Don't overlook sale leasebacks as a way of generating capital, Tyler Swann, director of investments at W.P. Carey, told CFO Dive this week.
It's a particularly good market for the transaction, in which you sell your office or other real estate and enter into a long-term lease with the new owner.
"There were a couple of months at the beginning of the pandemic [that companies] said, 'Let's take a pause,' but the market's really come roaring back," Swann said.
Low interest rates and ample capital availability, in part because of the credit facilities the Federal Reserve launched early in the spring, have kept the deals flowing.
"The market has been as hot as anything it's ever been," he said.
Key to the transactions' appeal is the lease agreement lengths, typically running 10 to 25 years with two or three renewal options that can extend the lease out to 50 years.
By working in these long-term increments, both the lessor and the lessee can focus on the health of the asset and avoid making short-term decisions based on market fluctuations.
"We're really insulated from the swings," said Swann, whose company has been specializing in the market for 47 years and has $20 billion in assets in the United States and Europe.
The REIT is sitting on a war chest of about $2 billion to buy properties. "We took advantage of what was happening in capital markets [when the Fed launched several credit facilities in response to the pandemic] and issued about $380 million in new equity ourselves," he said. "So, between that and the availability from bank financing we ... are ready to go."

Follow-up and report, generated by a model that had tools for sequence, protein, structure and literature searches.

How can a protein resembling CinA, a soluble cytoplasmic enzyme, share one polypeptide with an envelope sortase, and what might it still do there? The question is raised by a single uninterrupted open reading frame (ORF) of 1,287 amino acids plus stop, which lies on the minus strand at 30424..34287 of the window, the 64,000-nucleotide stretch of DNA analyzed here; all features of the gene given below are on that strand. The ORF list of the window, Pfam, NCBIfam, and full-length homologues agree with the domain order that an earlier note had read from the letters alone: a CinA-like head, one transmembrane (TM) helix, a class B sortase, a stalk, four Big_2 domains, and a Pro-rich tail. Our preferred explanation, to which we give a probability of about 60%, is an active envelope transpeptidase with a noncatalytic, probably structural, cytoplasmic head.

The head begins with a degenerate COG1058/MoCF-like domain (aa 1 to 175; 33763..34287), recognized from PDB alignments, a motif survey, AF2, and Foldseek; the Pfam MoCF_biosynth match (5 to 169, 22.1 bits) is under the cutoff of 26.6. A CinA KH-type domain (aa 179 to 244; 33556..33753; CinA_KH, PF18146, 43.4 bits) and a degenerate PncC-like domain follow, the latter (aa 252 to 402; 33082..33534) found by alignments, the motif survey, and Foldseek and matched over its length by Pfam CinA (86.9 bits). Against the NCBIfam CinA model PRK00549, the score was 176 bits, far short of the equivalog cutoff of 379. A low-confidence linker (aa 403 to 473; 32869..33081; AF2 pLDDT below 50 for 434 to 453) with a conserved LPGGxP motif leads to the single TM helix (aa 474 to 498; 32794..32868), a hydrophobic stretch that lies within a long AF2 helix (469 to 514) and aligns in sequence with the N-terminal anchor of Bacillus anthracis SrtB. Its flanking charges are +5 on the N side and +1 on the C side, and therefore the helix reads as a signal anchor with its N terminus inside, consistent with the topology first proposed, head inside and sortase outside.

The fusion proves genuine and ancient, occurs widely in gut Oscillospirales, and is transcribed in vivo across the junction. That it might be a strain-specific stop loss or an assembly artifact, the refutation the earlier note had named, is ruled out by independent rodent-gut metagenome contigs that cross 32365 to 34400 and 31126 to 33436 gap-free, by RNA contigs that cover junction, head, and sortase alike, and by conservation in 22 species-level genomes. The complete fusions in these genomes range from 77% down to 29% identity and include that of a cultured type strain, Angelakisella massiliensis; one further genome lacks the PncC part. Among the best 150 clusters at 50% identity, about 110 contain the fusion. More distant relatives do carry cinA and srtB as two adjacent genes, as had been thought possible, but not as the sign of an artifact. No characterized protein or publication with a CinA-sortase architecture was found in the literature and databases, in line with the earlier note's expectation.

Lessee retains control
The predictability that comes with being a long-term lessee is attractive to companies looking to generate capital by selling their property. Based on how the deal is negotiated, there doesn't have to be any change in how the property is used or what the monthly payments will be during the lease term. If the property is sold, the lease transfers to the new owner.
"If you were making widgets in the factory before, you can keep making widgets," Swann said. "We could sell the building, but it's going to be subject to that same lease, so the tenant will have locked in their low rent for the next however many years, and there's nothing we [or the new owner] can do about that."
Rents are typically based on purchase price plus a cap rate of 6 to 7%. The downside is that the lessee retains responsibility for maintenance and repair, just as they would if they retained ownership, but without getting any of the upside at sale.
"Generally speaking, the structure is fully triple net," Swann said. "The tenant is responsible for everything, just as if they continued to own the building."
But flexibility is possible. "If upfront we agree the landlord is responsible for replacing the roof, then we would be responsible for that," he said. "But traditionally in a sales leaseback, the company signs an absolute triple net lease, which would mean it would be the tenants responsibility for repairs and maintenance."
Swann doesn't anticipate a long-term property market contraction from the pandemic even if some property owners keep all or a portion of their workforce home once stay-at-home mandates fully lift.
"There are certainly questions around what the office market is going to look like in the long term, but in our world, where you’re committing to a 20-year lease, our return is going to come more from the quality of the credit we're partnering with than the accrual value of the asset," he said.
In his view, even if office prices drop in big urban markets like New York City and San Francisco, over the long-term, both occupancy and prices will rise again.
"There’s really no replacing being in the office," he said. "It's somewhat overblown the idea that offices aren’t going to exist anymore. Does it have an impact on the margins for demand? That’s probably the case, but 20 years from now, I’m not so sure offices are going to be in less demand than they are right now. As a result, we’re continuing to evaluate office deals just as we would any other deal."